A. MS. notebook
PRAGMATISM (MS 279-335)
Perceptual judgments as involving generality and as being beyond the power of logic to criticize, as referring to singular objects, and as relating to continuous change (time, continuity, infinity). The nature of logical goodness and the end of argumentation. Logic and metaphysics. Pragmatism: the genealogy of a born pragmatist; pragmatism and realism; the ultimate meaning of a symbol. CSP's acceptance of the term "meaning" as a technical term of logic (as referring to the total intended interpretant of a symbol). The meaning of an argument and of a proposition (rhema); the meanings of such difficult abstractions as Pure Being, Quality, Relation. Definitions, it is stated, should be "in terms of the conceptions of everyday life." CSP raises one possible objection to his formulation of the maxim of pragmatism, and ends this draft with some disparaging remarks about the state of logical studies at Harvard. The objection raised is this: If meaning consists in doing (or the intention to do), is there not a conflict with the view (to which CSP subscribes) that the meaning of an argument is its conclusion, since a conclusion is an intellectual phenomenon different from doing and presumably without relation to it?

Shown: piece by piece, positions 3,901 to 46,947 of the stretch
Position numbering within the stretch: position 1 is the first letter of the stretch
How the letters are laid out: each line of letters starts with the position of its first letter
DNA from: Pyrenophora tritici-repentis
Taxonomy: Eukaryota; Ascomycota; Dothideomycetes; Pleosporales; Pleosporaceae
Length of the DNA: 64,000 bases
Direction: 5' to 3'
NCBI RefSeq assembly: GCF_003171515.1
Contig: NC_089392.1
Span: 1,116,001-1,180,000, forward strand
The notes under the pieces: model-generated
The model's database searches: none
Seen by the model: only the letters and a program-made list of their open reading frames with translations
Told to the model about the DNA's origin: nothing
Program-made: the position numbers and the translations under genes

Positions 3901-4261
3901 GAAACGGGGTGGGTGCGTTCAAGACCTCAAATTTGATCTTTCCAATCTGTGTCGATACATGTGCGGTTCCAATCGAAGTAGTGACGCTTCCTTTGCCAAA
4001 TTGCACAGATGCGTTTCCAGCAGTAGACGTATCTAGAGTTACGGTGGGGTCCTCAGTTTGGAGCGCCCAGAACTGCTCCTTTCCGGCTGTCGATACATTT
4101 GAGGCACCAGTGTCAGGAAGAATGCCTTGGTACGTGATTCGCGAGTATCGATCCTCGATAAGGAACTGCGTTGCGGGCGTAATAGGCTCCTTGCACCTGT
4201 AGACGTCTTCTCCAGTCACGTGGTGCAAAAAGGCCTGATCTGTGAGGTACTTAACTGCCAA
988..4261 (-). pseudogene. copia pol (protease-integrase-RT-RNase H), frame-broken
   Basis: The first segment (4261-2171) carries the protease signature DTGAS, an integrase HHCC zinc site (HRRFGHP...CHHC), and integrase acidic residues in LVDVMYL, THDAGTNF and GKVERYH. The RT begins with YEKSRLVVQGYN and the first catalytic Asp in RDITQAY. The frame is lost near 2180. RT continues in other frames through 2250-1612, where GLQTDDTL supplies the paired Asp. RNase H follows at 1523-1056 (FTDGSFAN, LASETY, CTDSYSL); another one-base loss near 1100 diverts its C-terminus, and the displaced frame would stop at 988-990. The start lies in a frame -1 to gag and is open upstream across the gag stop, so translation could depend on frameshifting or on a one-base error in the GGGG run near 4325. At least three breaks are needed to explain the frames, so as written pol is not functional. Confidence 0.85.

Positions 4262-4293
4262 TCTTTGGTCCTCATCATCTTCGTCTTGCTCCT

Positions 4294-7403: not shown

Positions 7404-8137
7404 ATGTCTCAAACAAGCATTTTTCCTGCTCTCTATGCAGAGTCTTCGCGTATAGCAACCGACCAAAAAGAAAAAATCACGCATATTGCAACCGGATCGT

Argument, pure Being, Continuity, Definition, Generality, Harvard, Infinity, Logic (modal see Modality), Meaning, Metaphysics, Harvard Lectures on Pragmatism, and judgment, Pragmatism and Pragmaticism, Proposition, Quality (see also Feeling; Firstness; Possibility; Predicate), Realism, Relation, Rhema (see also Proposition), Symbol, Time
PRAGMATISM / LECTURES ON PRAGMATISM